The high court ruled in the Wesbank case that credit providers could not terminate the debt review process while an application was pending at the magistrate’s court.

The judgment is a victory for over-indebted consumers who have approached a debt counsellor for relief, says Robyn Hersch, an independent debt management consultant at Debt Comm.

“Provided the debt counsellor has complied with the 60-day requirement (to lodge the case with the magistrate’s court) as laid down by the National Credit Act, the over-indebted consumer will receive the protections afforded to him by the act - namely the suspension of legal proceedings.”

However, the ruling comes too late for many.

In some cases, judgments have already been obtained from the high court and these consumers are now faced with forced sales of their property, says Manshon.

“It may be too late to remedy these matters for consumers whose properties have already been sold.  In other cases where judgment has already been granted, consumers would have to apply to the high court for a rescission of judgment. This can be a very costly exercise.”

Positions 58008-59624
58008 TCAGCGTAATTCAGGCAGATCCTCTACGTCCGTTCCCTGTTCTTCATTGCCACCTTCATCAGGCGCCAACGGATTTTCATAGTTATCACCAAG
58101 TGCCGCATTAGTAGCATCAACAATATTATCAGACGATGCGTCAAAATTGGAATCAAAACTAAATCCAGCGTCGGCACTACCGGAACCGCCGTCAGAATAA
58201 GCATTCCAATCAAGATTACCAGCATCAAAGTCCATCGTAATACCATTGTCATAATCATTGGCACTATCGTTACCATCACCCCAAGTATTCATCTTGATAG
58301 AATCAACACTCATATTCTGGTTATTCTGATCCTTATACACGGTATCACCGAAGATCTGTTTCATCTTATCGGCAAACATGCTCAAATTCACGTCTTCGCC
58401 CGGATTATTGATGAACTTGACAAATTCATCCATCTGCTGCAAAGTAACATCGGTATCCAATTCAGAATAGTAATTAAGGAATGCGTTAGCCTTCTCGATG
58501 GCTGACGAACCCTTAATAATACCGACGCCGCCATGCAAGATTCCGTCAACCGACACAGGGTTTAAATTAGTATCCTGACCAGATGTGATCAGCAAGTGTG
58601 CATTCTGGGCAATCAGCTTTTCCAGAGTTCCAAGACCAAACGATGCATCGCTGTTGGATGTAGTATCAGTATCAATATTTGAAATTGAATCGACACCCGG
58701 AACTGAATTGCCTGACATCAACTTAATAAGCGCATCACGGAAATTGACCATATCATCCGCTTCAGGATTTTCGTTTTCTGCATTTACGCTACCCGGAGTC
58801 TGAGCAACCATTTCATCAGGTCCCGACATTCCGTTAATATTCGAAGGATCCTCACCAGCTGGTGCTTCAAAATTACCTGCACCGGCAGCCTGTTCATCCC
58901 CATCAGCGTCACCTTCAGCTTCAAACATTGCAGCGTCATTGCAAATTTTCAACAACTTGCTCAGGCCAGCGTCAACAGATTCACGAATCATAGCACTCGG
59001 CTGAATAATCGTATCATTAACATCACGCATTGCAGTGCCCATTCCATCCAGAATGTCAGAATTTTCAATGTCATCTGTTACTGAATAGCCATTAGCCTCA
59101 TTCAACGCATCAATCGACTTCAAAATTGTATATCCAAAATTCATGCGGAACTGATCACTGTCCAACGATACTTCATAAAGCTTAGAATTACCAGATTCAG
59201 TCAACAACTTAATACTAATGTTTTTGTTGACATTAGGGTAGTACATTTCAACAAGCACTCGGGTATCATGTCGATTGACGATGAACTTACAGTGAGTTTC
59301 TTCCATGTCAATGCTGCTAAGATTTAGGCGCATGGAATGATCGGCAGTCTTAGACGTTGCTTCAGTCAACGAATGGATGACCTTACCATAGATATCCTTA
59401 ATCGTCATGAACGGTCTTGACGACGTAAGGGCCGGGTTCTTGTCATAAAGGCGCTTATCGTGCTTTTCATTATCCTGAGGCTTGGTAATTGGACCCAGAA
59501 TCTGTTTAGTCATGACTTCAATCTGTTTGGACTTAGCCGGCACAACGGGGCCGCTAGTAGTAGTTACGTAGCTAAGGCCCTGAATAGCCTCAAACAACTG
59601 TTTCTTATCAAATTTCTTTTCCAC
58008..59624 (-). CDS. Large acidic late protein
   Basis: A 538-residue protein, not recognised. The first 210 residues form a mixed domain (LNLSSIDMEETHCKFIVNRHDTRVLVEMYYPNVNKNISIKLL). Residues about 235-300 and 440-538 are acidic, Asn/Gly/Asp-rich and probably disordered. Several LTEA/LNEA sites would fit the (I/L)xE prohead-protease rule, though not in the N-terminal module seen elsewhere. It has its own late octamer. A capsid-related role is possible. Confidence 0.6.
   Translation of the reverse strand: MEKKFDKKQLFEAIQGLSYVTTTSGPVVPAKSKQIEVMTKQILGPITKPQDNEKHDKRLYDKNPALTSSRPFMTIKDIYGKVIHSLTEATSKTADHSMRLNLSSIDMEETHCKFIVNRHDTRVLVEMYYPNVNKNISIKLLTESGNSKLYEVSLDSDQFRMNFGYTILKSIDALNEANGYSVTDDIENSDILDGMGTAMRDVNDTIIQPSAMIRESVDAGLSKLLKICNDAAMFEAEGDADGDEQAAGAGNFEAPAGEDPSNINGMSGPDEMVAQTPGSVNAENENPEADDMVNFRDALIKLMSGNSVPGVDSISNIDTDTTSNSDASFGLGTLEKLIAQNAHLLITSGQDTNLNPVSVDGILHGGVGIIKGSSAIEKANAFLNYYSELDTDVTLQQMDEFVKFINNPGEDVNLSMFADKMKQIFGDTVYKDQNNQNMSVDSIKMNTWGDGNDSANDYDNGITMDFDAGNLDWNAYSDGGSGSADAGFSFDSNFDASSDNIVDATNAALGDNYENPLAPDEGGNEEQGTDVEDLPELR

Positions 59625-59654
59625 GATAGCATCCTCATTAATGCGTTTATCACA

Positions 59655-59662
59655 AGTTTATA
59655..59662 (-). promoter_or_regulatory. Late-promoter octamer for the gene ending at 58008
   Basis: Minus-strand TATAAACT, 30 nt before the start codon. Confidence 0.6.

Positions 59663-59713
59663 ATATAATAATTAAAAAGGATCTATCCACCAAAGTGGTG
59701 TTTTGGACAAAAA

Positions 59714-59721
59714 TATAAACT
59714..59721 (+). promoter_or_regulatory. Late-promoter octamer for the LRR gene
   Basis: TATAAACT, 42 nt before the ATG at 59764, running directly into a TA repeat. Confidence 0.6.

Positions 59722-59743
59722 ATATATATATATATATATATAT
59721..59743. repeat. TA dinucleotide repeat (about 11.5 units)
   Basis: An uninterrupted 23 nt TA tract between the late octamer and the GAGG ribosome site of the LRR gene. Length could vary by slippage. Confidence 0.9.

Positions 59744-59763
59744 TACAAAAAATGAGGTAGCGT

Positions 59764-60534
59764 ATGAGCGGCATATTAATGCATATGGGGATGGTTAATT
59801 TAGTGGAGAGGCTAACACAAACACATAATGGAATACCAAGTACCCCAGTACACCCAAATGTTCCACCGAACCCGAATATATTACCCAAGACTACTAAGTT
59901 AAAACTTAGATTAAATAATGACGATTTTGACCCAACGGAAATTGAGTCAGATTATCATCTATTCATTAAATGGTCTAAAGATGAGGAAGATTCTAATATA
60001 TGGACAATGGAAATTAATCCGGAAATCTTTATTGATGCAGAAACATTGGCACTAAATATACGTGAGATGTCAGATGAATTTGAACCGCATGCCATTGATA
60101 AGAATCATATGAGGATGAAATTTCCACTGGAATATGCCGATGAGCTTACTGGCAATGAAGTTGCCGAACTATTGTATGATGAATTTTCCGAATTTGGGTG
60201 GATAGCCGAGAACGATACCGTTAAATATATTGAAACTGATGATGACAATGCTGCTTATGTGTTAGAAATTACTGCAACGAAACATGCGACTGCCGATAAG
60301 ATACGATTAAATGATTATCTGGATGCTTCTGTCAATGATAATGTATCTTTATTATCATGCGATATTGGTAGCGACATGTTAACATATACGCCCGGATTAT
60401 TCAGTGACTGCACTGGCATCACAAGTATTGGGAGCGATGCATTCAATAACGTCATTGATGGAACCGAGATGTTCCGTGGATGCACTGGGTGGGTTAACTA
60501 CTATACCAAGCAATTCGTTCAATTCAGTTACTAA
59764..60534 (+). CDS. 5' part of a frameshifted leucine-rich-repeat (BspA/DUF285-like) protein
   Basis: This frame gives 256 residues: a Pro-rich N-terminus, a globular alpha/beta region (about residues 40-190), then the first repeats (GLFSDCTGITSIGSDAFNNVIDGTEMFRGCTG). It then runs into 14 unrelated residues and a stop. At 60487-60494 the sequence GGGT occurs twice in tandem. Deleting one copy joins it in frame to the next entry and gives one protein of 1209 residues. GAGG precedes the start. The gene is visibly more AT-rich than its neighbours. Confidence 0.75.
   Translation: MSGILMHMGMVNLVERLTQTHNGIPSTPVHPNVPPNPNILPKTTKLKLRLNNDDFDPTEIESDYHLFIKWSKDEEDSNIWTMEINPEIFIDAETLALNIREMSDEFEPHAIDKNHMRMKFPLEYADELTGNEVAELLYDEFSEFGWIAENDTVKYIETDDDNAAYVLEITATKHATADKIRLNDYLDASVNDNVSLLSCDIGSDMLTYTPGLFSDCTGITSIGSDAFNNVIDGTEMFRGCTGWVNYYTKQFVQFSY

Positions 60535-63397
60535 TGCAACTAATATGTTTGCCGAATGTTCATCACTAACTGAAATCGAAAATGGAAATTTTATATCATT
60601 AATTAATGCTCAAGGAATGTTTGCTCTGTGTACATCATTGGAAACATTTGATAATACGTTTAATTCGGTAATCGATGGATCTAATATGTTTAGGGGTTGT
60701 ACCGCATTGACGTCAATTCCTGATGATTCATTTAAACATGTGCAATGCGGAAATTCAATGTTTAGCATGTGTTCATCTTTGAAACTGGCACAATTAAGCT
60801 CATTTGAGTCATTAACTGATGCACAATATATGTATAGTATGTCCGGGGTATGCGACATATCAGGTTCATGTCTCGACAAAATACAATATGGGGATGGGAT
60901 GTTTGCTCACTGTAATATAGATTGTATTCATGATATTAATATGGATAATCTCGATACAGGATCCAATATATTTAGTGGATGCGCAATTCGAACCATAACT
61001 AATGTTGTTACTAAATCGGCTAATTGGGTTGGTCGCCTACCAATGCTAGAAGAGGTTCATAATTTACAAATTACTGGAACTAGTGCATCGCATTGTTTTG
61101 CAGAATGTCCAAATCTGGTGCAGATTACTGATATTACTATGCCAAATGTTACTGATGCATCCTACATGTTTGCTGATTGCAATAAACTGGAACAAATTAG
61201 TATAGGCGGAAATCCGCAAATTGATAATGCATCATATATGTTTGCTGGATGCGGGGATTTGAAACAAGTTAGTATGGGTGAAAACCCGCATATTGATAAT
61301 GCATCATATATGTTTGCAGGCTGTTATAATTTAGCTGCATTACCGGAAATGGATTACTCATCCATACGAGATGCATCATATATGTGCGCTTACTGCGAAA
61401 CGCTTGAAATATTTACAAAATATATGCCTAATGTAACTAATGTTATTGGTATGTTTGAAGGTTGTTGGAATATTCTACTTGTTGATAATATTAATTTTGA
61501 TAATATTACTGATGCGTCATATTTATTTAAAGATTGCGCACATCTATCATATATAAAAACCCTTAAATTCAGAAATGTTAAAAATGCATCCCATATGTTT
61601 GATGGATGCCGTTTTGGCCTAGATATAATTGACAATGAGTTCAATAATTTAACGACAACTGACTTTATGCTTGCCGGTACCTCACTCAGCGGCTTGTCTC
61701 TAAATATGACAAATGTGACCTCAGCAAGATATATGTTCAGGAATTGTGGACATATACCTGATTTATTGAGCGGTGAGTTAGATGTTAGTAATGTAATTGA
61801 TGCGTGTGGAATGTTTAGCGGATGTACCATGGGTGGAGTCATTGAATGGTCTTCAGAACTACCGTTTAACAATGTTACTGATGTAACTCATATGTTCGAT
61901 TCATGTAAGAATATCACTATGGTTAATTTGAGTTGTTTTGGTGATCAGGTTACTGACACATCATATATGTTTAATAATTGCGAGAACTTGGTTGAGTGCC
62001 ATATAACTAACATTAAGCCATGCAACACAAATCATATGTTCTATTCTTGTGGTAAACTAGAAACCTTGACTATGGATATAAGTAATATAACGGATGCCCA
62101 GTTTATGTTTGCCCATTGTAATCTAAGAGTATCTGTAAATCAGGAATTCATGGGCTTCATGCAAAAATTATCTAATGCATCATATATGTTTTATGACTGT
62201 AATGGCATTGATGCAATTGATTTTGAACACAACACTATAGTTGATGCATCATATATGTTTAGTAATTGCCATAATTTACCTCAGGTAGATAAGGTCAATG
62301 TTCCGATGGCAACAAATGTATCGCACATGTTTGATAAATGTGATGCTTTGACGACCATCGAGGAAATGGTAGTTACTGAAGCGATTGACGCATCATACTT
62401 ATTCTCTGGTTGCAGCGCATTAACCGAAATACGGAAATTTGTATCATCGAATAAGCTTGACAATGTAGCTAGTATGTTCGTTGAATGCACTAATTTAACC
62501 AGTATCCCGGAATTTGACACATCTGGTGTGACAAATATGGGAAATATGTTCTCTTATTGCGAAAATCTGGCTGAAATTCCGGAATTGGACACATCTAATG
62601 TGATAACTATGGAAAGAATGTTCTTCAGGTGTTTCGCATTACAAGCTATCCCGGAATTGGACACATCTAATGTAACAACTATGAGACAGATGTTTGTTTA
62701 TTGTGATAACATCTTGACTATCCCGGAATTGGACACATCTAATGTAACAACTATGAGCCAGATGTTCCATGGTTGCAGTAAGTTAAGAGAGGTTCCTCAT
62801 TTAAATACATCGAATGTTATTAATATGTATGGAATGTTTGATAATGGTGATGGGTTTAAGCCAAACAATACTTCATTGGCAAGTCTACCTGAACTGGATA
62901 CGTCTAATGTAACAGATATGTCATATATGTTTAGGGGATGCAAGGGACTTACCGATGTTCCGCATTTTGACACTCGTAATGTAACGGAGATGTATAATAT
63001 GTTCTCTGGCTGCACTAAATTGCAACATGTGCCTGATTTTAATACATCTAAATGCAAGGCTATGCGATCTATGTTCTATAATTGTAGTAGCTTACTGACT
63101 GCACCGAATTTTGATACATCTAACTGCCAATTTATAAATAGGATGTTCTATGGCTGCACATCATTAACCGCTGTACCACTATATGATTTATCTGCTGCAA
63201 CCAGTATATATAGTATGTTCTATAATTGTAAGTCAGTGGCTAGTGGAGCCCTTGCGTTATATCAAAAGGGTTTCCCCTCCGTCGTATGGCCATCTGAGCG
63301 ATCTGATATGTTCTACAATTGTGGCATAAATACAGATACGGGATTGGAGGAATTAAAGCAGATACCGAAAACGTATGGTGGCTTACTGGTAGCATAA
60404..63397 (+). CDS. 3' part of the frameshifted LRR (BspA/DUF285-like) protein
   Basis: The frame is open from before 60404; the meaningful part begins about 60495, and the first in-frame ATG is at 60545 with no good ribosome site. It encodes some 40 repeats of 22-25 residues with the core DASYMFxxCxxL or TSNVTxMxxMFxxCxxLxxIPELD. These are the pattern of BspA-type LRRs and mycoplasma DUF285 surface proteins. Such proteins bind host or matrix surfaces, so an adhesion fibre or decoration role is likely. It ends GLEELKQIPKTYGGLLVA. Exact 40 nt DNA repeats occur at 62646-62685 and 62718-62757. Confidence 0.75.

In his experience, many credit providers have seemingly been trying to thwart the debt review process since the implementation of the National Credit Act,

He cites a recent example of a bank which extended a home loan at a fixed rate of 19.40% - more than double the current prime rate - to one of his clients. On a bond of R185 000 over 20 years, this consumer's monthly instalment on the bond is currently R3 056 whereas at the current prime rate, his instalment would have been R1 664 per month. 

As part of a debt review process, Manshon proposed the bank lower the interest rate to the prime lending rate – but the bank refused.

However, some credit providers have made significant strides in cooperating with the debt review process. 

SA Home Loans has introduced escalating instalments, which allows the consumer to regain financial control without exposing the institution to excessive risk.

Standard Bank and Absa voluntarily withdrew a number of terminations in an effort to assist their clients, he said.

- Fin24

Comments
  • Sharon - 2011-02-02 15:10

    At the end of the day the consumer should be more responsible with their finances. Most peoplre are overdebted through their own negligence and deserve all they get. Why should other people who pay thier accounts, car instalments and bonds subsidise the non payers.